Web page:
World: U.S. not 'safe' for refugees, rights groups argue in Canadian court - - PressFrom - US
  •   
  •   
  •   

World U.S. not 'safe' for refugees, rights groups argue in Canadian court

03:20  05 november  2019
03:20  05 november  2019 Source:   reuters.com

Former top U.N. refugee official, Japan's Sadako Ogata, dies at 92

  Former top U.N. refugee official, Japan's Sadako Ogata, dies at 92 Former top U.N. refugee official, Japan's Sadako Ogata, dies at 92Ogata's tenure as U.N. High Commissioner for Refugees during the 1990s coincided with a genocide in Rwanda and ethnic conflict in the former Yugoslavia.

Asylum seekers who were turned away by Canada at the Canada - U . S . border will finally have their day in court to explain why they feel the United States is not a safe country for refugees . The three Canadian rights groups also enlisted nine other witnesses, including the Burundian woman, to

A collective of rights groups is demanding Canada meet its legal obligations by recognizing that the United States is no longer a safe place to Specifically, the groups say sending refugees back to the U . S . violates their rights under Sections 7 and 15 of the Canadian Charter of Rights and Freedoms.

By Anna Mehler Paperny

The Canadian flag on the Peace Tower flies in Ottawa, Ontario, Canada October 23, 2019. REUTERS/Stephane Mahe© Reuters The Canadian flag on the Peace Tower flies in Ottawa, Ontario, Canada October 23, 2019. REUTERS/Stephane Mahe

TORONTO (Reuters) - The United States is unsafe for would-be refugees and a Canada-U.S. agreement that compels asylum seekers to first apply for U.S. sanctuary ought to be ripped up, lawyers for refugees and rights groups argued in a Canadian federal court on Monday.

Under the Safe Third Country Agreement, asylum seekers at a formal Canada-U.S. border crossing traveling in either direction are turned back and told to apply for asylum in the country they first arrived in.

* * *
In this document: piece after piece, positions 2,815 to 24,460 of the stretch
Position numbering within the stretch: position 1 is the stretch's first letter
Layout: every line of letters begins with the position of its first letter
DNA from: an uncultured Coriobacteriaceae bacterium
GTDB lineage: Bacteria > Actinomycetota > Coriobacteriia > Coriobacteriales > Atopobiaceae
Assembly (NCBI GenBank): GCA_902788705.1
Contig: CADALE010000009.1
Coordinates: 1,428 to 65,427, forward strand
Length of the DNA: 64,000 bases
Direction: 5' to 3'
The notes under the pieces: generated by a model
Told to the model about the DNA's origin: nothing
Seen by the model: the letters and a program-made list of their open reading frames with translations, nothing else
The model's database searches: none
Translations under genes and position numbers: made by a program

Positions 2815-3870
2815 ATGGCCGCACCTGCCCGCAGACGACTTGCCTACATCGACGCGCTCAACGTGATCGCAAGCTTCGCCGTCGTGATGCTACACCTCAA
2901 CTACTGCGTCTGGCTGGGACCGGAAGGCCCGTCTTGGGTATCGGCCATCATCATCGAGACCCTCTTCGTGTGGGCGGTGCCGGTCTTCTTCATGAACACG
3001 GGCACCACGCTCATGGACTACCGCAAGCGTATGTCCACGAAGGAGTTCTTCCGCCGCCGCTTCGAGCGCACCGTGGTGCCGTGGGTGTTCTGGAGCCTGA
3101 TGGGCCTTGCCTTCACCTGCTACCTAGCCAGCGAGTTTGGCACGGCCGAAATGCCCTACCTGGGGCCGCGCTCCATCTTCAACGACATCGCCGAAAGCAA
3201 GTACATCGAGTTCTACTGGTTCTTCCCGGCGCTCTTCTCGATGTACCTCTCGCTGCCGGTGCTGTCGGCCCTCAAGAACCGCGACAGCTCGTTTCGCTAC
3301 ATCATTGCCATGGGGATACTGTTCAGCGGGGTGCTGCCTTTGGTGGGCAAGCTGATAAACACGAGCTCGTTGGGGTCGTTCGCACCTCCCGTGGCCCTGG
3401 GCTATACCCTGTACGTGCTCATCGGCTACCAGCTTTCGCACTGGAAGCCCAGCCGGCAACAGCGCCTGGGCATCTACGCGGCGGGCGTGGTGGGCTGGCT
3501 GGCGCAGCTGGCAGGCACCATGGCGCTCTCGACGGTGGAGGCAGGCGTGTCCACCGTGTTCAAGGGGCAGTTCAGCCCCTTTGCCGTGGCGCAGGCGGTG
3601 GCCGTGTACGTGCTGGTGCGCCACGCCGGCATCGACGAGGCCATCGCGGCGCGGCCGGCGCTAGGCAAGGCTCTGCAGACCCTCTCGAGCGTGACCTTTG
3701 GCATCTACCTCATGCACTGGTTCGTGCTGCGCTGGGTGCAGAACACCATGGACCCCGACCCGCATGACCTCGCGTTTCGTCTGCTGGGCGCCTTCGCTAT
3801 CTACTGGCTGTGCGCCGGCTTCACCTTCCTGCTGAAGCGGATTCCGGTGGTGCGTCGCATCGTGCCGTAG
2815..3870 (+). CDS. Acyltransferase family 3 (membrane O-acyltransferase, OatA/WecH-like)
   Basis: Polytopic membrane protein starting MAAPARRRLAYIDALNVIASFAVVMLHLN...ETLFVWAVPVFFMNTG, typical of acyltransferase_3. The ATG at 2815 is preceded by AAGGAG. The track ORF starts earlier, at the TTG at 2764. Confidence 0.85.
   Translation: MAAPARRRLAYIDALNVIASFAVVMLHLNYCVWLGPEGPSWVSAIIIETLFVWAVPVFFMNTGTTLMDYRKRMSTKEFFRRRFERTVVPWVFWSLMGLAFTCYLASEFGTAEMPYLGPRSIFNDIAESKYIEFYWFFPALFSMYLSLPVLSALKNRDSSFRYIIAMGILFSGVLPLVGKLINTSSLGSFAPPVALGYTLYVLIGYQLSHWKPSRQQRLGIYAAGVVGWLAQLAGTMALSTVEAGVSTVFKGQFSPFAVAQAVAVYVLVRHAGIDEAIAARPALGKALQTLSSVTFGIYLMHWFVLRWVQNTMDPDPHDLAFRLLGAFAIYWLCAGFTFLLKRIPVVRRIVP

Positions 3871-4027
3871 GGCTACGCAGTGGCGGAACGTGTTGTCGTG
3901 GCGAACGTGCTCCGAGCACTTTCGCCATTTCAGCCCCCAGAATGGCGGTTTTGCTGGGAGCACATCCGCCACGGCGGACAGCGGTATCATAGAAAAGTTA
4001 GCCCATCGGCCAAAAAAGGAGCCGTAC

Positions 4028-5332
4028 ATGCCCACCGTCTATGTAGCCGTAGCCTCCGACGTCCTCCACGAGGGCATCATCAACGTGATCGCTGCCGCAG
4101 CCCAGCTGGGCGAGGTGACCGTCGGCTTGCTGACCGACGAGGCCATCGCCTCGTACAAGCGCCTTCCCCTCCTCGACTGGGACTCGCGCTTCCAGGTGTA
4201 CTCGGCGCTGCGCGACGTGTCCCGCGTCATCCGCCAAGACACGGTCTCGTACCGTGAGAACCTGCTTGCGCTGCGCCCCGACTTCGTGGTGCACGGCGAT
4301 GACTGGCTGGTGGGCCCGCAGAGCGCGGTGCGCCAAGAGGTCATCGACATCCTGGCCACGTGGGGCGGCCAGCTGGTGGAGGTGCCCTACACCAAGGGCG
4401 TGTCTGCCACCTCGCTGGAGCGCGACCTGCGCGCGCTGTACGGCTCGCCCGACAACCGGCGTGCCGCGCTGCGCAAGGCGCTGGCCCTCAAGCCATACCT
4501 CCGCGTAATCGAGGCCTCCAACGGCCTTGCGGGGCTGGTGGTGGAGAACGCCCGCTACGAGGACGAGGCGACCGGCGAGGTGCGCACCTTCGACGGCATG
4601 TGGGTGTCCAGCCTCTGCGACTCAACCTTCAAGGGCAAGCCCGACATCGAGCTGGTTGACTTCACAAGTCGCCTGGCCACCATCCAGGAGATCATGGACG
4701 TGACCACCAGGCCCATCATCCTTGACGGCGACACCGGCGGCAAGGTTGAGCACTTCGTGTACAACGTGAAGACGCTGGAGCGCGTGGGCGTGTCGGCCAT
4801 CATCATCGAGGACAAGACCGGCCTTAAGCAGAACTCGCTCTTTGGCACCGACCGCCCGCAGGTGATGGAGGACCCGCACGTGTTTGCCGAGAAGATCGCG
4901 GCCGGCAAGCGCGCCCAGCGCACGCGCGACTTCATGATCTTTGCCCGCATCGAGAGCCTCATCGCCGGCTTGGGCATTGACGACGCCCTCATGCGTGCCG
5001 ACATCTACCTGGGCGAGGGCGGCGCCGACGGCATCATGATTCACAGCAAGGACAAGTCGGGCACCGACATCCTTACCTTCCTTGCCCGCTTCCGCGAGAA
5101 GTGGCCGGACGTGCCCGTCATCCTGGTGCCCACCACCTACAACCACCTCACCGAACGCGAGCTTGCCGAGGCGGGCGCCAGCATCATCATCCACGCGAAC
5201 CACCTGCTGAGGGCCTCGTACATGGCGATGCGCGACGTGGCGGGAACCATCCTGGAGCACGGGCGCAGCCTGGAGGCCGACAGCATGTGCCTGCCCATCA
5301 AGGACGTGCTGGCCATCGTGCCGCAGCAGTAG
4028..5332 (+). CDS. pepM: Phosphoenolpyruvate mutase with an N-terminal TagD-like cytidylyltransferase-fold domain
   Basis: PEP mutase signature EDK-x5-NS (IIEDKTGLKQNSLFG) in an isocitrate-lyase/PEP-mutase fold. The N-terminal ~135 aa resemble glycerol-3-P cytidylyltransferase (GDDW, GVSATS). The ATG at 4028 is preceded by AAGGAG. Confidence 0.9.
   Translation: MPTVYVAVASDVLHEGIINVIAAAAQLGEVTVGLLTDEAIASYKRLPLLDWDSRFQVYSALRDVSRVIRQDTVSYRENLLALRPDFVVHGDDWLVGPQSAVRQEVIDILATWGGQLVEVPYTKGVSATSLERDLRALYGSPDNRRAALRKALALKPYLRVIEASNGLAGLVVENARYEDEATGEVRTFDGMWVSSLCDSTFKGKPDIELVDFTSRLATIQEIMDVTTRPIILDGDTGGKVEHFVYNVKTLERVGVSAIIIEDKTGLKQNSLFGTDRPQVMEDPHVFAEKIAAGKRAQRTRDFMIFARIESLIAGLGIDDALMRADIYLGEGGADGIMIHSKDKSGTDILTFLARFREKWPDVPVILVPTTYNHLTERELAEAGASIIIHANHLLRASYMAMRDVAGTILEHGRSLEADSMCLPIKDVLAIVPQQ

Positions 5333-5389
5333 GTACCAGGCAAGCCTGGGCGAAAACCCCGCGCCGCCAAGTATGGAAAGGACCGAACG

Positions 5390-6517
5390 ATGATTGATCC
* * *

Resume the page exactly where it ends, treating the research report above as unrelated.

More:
Quebec to put immigrants seeking residency through 'values' test

  Quebec to put immigrants seeking residency through 'values' test Quebec to put immigrants seeking residency through 'values' test(Reuters) - Quebec will require immigrants seeking permanent residency in the Canadian province to pass a "values" test to ensure they understand its new secularism law, the provincial government said on Wednesday.

In turn, when Canada rejects people at the border, their charter rights are being violated, advocacy groups and the individual litigant in the case will argue this In 2007, it was also challenged in Federal Court , and the U . S . was declared not safe for refugees , but the decision was overturned on appeal.

Starting Monday in Toronto, the Federal Court of Canada will hear a constitutional challenge to the Canada - U . S . Safe Third Country Agreement, under which both countries consider themselves a safe haven for refugees and The three Canadian rights groups also enlisted nine other witnesses

Lawyers for unnamed refugees who had been turned away are challenging the agreement, saying the United States does not qualify as a "safe" country under President Donald Trump. Human rights groups, including Amnesty International and the Canadian Council for Refugees, have also joined the case, which could change the way the two countries cooperate on refugee issues.

More than 50,000 people have illegally crossed the Canada-U.S. border to file refugee claims over the past three years, walking over ditches and on empty roads along the world's longest undefended border. Some asylum seekers have told Reuters they might have stayed in the United States had it not been for Trump's immigration rhetoric and policies.

Canada defends the agreement and wants to expand it. Since April 2018, it has been pushing to apply it to the entire border, in order to include people traveling outside of formal crossings.

On Monday, the plaintiff's lawyers said Canada had failed to adequately review the United States' status as a safe country.

Refugee lawyer Andrew Brouwer cited examples of asylum seekers being returned to the United States and subject to incarceration and solitary confinement for weeks, with little access to counsel.

Spokesmen for Canada's Immigration Minister Ahmed Hussen did not return requests for comment on Monday. The hearing continues to Friday and the government is expected to mount its defense.

(Reporting by Anna Mehler Paperny; Editing by Richard Chang and Rosalba O'Brien)

Canadian declares canoe travel as a moving expense .
A Canadian teacher -- pushed to test the limits of tax laws after losing a court fight -- has successfully claimed a canoe trip as a moving expense, public broadcaster CBC said Tuesday. Konecny decided to up the ante and in June 2018 loaded up a battered fibreglass canoe and set out for Ottawa, he told the Canadian Broadcasting Corporation (CBC). The move took him through five provincial parks and up the Rideau Canal -- a UNESCO World Heritage Site. He collected receipts for park admission fees, campfire wood and ice and submitted a claim for almost Can$1,000.Last week, he learned that the CRA had accepted his expenses.

—   Share news in the SOC. Networks

Topical videos:

usr: 3
This is interesting!